The report was prepared by Stakeholder AS, on behalf of ZeroKyst, to map out greenhouse gas emissions by the fisheries and aquaculture industries at sea. It shows that greenhouse gas emissions from Norwegian fishing boats have fallen between the turn of the century and 2010, and then been stable for a while before starting to rise again. Today, emissions are at about 1.1 million tonnes, based on statistics by the Directorate of Fisheries, and at about 0.9 tonnes according to SSB (Statistics Norway).
For the aquaculture sector, the situation is different. Aquaculture has become a sizeable industry in Norway, and is poised to grow even more in the future. There are no reliable statistics showing direct emissions from fish farms in Norway, but based on existing reports, we estimate that these emissions are between 500 000 and 750 000 tonnes of CO2in 2021, by vessels linked to aquaculture activities in Norwegian waters. New statistics by Kystverket, gathered for this report, show an increase in CO2 emissions from the well-boats, which dominate aquaculture emissions, at 67 per cent from 2017 to 2021.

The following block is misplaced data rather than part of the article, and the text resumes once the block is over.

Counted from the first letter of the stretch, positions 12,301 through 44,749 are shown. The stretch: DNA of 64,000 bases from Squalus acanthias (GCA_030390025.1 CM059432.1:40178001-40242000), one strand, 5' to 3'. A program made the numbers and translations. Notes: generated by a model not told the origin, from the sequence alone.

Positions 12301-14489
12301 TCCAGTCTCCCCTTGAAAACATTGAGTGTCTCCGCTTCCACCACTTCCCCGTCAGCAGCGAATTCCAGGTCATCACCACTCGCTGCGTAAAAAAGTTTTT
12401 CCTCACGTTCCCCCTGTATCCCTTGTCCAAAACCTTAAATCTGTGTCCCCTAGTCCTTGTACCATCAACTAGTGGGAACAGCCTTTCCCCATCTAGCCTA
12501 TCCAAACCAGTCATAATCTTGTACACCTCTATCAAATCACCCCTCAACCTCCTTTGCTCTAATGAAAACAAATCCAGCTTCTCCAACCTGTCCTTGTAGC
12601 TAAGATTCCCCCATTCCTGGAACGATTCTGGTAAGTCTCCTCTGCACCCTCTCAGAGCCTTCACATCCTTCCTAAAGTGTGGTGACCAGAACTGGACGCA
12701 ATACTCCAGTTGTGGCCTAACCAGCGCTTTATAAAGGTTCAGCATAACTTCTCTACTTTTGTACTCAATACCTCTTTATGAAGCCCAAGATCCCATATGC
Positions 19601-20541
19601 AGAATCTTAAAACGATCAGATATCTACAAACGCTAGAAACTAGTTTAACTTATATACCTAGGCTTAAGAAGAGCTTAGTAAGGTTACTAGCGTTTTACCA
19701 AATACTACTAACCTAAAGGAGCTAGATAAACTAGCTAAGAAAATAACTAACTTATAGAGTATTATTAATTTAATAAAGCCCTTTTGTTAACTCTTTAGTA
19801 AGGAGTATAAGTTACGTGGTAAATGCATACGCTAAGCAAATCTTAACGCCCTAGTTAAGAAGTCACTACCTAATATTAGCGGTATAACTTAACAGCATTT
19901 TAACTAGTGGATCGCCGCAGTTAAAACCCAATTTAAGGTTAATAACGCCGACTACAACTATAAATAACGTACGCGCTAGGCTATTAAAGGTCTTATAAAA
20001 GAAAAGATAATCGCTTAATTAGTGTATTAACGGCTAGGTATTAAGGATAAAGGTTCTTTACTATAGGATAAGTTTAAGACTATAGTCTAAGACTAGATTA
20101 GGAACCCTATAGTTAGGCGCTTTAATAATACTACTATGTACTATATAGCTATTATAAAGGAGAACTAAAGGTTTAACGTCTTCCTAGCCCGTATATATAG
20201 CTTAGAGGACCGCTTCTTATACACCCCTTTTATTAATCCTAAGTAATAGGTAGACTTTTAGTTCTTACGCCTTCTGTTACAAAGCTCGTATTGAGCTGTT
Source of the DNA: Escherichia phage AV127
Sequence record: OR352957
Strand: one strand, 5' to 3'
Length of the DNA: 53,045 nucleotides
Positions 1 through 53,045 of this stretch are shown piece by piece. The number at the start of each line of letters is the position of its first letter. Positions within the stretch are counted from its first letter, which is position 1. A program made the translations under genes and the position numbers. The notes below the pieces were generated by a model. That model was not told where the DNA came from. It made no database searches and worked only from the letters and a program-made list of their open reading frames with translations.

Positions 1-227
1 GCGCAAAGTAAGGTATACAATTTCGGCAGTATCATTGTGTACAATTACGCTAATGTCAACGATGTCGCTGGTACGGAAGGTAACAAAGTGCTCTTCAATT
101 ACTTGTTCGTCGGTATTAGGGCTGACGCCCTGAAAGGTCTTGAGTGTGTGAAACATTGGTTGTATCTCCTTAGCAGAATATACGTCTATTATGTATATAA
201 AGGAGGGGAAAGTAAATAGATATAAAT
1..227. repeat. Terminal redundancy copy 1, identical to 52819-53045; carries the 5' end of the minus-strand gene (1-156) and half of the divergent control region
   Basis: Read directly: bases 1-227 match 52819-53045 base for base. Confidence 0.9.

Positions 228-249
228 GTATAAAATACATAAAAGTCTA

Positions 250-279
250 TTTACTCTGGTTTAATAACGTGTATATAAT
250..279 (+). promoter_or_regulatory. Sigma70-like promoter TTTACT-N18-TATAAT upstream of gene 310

ZeroKyst director Erik Ianssen says it's not surprising that the fisheries and aquaculture industries have high emissions, and that it is important to work towards getting even more accurate numbers.
– No one has looked at these numbers before. It has been said that emissions need to be cut by 50 per cent, but no one knows what total we are cutting from, or where we are going. The biggest challenge is in the aquaculture industry. In that sector, there are talks of a tripling in volume, while diesel use has to go down by 50 per cent.
The technology developed by the ZeroKyst project is crucial to cutting emissions. Selling the solutions, meanwhile, will be an important challenge in the coming years.
– The industry has solutions, and people are willing to use them. But of course, it's an uphill battle, when everyone is expected to move away from something that works just fine to a new, different solution. It's often simpler to just continue using old solutions, says Ianssen.